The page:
Advances in Strategic Management, Volume 35
Corporate Strategy and Resource Redeployment
Timothy B. Folta, Constance E. Helfat, and Samina Karim
Submission Deadline: May 15, 2015
It is well understood that whether corporate strategists create value is determined by their ability to deploy resources across multiple business units. Strategies in pursuit of “synergy,” where resources are simultaneously shared across businesses, have commanded the dominant attention of researchers and practitioners to date. Only recently has it been explicated that a second type of resource deployment strategy might create corporate value by providing discretion or flexibility to partially or completely withdraw resources from one business and reallocate them to another business. This strategy has been referred to as “inter-temporal economies of scope,” “resource redeployability,” and “resource reconfiguration,” and differs from synergy in that resources are withdrawn from one business and reallocated to another, rather than contemporaneously shared across businesses. It is believed that when firms can redeploy their resources in this manner, it provides greater potential to escape from declining prospects in a business, and is particularly valuable in turbulent environments. As a result, resource redeployability may affect not only firm value creation, but also firm and industry evolution. Despite recent advances in our understanding of resource redeployment, the discussion remains emergent around how it and synergy differentially affect value and firm decision-making. There are at least three substantive opportunities to advance our understanding of this debate:
First, we need more clarity about the theoretical determinants and effects of synergy versus resource redeployment. Relevant research questions might include:
- How are the determinants of synergistic value different from the determinants of value derivable from resource redeployment?
- Is the value deriving from resource redeployment necessarily associated with multi-business firms, or might single-business firms also benefit? What are the conditions under which single-business firms might benefit from redeployability?
- What environmental conditions are best suited to a strategy based on resource redeployment? And how do firm redeployment strategies affect industry evolution?
- When can resource redeployment be proactive versus reactive? What processes can help organizations to identify redeployment opportunities?
- How can executives manage the human resource challenges around resource redeployment (i.e., maintaining morale of employees; or getting division managers to take actions that can lead to withdrawal of resources)?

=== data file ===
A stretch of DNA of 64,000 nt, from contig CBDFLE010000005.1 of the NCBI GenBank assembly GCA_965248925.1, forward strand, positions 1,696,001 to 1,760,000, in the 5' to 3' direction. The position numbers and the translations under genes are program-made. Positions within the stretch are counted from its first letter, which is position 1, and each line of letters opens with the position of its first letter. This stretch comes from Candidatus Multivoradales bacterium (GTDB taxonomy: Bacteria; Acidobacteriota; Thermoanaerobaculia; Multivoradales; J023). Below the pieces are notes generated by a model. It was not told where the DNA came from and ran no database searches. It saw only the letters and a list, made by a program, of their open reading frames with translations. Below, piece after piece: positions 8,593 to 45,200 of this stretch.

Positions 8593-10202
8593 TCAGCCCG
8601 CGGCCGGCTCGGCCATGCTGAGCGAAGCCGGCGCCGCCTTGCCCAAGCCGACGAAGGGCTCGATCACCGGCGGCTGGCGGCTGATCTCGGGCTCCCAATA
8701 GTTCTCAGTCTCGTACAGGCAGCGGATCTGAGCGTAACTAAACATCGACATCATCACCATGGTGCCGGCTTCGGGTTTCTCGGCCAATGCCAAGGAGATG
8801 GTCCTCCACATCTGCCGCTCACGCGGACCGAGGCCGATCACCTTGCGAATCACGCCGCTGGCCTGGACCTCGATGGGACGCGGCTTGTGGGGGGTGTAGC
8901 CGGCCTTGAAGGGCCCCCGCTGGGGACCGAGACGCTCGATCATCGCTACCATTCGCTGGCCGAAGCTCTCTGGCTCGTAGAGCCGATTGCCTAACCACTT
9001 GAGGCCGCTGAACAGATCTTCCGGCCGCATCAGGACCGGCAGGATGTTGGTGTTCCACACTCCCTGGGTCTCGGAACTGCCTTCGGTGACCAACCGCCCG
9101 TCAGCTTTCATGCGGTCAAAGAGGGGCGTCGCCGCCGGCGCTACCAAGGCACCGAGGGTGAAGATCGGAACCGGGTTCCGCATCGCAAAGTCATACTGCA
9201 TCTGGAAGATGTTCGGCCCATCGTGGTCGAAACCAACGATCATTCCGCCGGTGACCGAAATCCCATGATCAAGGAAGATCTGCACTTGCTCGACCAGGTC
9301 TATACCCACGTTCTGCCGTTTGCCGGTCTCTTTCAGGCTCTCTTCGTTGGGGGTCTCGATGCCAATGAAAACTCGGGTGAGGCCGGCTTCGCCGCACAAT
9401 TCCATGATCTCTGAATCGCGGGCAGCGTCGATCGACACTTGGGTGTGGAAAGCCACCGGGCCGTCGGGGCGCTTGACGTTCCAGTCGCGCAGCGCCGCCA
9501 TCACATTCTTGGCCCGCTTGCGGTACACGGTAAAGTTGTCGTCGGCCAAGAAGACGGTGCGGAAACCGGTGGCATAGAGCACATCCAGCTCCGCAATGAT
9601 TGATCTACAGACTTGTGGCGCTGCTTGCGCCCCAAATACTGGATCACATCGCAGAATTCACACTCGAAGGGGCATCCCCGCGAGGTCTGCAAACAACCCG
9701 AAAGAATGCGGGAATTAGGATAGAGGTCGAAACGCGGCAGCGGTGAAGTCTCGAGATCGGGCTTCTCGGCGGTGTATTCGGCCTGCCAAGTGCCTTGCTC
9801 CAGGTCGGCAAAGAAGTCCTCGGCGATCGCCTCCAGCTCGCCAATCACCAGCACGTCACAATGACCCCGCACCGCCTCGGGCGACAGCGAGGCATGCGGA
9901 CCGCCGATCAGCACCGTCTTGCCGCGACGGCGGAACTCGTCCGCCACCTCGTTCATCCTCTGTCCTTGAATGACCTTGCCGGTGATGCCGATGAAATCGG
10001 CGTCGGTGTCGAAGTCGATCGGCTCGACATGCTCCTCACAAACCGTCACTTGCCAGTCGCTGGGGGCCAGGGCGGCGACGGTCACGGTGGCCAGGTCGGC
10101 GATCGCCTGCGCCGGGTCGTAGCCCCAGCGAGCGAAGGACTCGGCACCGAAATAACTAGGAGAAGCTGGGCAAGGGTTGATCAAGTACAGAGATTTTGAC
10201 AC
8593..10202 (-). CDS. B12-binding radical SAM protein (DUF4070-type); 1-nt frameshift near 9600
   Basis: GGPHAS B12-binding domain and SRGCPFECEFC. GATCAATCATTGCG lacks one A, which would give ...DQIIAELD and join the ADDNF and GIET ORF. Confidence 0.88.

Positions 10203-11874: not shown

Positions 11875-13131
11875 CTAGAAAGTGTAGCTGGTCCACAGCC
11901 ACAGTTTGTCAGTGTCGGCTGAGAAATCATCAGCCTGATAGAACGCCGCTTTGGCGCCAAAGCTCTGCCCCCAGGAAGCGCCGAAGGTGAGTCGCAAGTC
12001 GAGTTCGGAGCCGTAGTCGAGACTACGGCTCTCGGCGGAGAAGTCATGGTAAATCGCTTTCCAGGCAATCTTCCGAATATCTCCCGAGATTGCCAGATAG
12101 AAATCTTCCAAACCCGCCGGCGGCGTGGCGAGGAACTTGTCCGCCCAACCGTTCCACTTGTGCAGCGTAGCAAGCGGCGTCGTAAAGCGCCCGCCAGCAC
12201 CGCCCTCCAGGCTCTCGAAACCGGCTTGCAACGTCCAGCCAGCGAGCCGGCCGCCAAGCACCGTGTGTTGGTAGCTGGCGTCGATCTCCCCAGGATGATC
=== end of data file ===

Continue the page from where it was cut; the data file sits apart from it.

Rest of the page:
Second, we need more clarity about how to empirically disentangle synergy from redeployability, because they may have common derivatives, such as resource relatedness.
- How might scholars empirically distinguish whether value is derived from synergy or the flexibility to redeploy resources? Is it possible to distinguish the sources of value creation through the use of different variables, or will it require clever methodology/ research design to isolate differences?
- How do we consistently identify scale-free versus non scale-free resources?
- Do managers consider the flexibility to redeploy when making entry or exit decisions?
Finally, we may need to revisit prior work investigating the benefits of corporate strategy based on synergy, in order to assess the extent to which prior results may stem from resource redeployability.
- Because existing work tends not to distinguish between synergy and resource redeployment, is it possible that existing work provides an incomplete picture of the contributions of resource relatedness to firm value and firm decision-making?
- How would the results of prior research on the value created by corporate strategy change if resource redeployability were included?
Despite recent work to address the three issues identified above, significant work remains. In this call, we invite theoretical and empirical work that tackles these and related issues.
Submissions are due no later than May 15, 2015. All papers submitted must represent original research not previously published elsewhere. All submissions will be subject to in-depth review, and editorial decisions and revision requests will be communicated to authors by September 1, 2015. Authors going forward to the second round will be invited to present their revised paper at a conference in October or November 2015 in Strasbourg France (exact date TBD), with travel supplements provided. The targeted publication date for the volume is August 2016.
To submit a paper, or to ask questions about the content of this AiSM volume or the editorial process, please contact the volume editors,
Timothy Folta (firstname.lastname@example.org), Constance Helfat(Constance.E.Helfat@tuck.dartmouth.edu), or Samina Karim (email@example.com)
or the AiSM series editor, Brian Silverman (firstname.lastname@example.org).
Further information on the series can be found at: